At least 10 people have died in clashes between activists and Syrian forces in the Damascus area, as troops fired nail bombs to disperse throngs of anti-government demonstrators gathered in cities across the country Friday.
The demonstration, Syrian activists say, is meant to prove the public's resolve and defiance against the government of President Bashar al-Assad, and show the strength of their movement and the still-prevalent opposition against him to the 60-member Arab League team of monitors traveling across Syria to examine whether the president is abiding by the deal he signed with the league, The Wall Street Journal reported.
There is an enthusiasm seen today because of the presence of the observers, and we noticed protests expanded to new areas, said Omar Idlib, a spokesperson for the Local Coordination Committee, a national network that organizes and documents the protests.
Still, a minor pot of controversy was stirred Wednesday when the Arab League's chief of the monitoring contigent, Sudanese General Mustafa Dabi, said he saw nothing frightening on a first visit to protest-riddled Homs.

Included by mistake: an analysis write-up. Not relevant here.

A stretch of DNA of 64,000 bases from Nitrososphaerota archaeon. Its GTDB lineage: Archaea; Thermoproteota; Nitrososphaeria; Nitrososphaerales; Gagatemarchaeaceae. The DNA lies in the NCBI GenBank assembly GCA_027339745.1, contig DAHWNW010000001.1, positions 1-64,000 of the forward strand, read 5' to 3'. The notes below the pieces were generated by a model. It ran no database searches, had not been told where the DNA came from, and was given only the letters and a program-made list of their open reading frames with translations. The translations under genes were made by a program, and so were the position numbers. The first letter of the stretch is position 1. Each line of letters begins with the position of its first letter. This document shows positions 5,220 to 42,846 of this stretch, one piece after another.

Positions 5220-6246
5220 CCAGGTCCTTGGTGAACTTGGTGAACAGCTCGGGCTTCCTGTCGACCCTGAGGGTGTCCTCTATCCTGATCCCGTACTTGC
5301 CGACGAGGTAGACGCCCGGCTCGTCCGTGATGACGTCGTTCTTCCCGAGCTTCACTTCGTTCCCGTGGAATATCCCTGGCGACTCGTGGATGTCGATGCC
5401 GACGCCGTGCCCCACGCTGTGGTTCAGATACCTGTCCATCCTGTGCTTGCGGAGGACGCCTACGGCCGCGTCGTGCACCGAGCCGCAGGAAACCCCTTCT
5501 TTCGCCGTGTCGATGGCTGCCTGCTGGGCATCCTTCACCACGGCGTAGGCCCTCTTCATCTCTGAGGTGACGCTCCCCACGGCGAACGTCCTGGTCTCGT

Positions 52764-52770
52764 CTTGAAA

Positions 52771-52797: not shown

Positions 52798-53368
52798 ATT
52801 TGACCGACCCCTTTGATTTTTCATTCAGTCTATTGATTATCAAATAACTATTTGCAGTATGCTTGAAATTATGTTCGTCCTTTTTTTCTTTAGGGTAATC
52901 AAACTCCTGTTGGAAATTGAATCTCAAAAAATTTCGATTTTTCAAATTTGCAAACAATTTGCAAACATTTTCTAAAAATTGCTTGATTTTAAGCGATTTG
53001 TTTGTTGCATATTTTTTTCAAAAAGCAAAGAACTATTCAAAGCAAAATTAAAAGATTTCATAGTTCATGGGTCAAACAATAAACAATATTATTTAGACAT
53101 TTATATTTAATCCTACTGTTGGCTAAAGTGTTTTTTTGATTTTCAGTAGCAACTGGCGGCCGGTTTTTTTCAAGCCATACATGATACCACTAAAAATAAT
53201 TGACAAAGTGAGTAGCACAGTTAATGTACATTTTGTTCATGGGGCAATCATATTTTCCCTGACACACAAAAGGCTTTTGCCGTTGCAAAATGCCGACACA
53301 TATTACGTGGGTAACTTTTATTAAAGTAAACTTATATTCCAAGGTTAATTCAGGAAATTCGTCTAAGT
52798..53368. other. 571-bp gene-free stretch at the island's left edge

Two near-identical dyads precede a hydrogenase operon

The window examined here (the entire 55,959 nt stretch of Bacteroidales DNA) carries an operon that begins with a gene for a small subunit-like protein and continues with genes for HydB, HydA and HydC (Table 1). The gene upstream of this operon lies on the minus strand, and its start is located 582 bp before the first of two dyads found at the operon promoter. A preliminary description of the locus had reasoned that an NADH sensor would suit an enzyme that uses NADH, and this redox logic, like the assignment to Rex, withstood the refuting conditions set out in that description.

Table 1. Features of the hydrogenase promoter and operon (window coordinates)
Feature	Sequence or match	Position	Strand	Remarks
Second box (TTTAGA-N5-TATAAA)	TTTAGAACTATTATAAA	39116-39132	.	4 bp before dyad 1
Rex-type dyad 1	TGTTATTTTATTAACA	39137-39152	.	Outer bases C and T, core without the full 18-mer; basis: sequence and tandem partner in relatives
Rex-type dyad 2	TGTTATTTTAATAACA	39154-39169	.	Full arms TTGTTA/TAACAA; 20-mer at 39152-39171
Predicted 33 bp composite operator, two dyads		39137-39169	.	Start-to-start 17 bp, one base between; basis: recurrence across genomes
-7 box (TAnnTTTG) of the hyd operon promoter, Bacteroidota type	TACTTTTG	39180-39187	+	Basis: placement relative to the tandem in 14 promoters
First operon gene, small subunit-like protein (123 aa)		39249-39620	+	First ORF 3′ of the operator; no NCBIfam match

On Friday, the league issued a statement claiming that the quotes attributed to the members in them media were wrong.
The delegation hopes that all the promises declared by the Syrian government will be achieved, the statement read.
Huge demonstrations rocked northwestern Idlib province and Douma, a suburb of Damascus where security forces fired nail bombs to disperse the protestors, according to the Syrian Observatory for Human Rights. At least 24 protestors were hurt.
In Douma, security forces also fired stun grenades and tear gas at roughly 60,000 to 70,000 demonstrators headed to city hall. And in the province of Idlib, more than 250,000 demonstrators took to the streets, the Observatory said.
Large gatherings were also reported in the suburban areas of Damascus, including Midan and al-Qadam, as the people called for the removal and prosecution of al-Assad, whose regime has been blamed for the deaths of more than 5,000 people since the uprising began in March, the United Nations reports.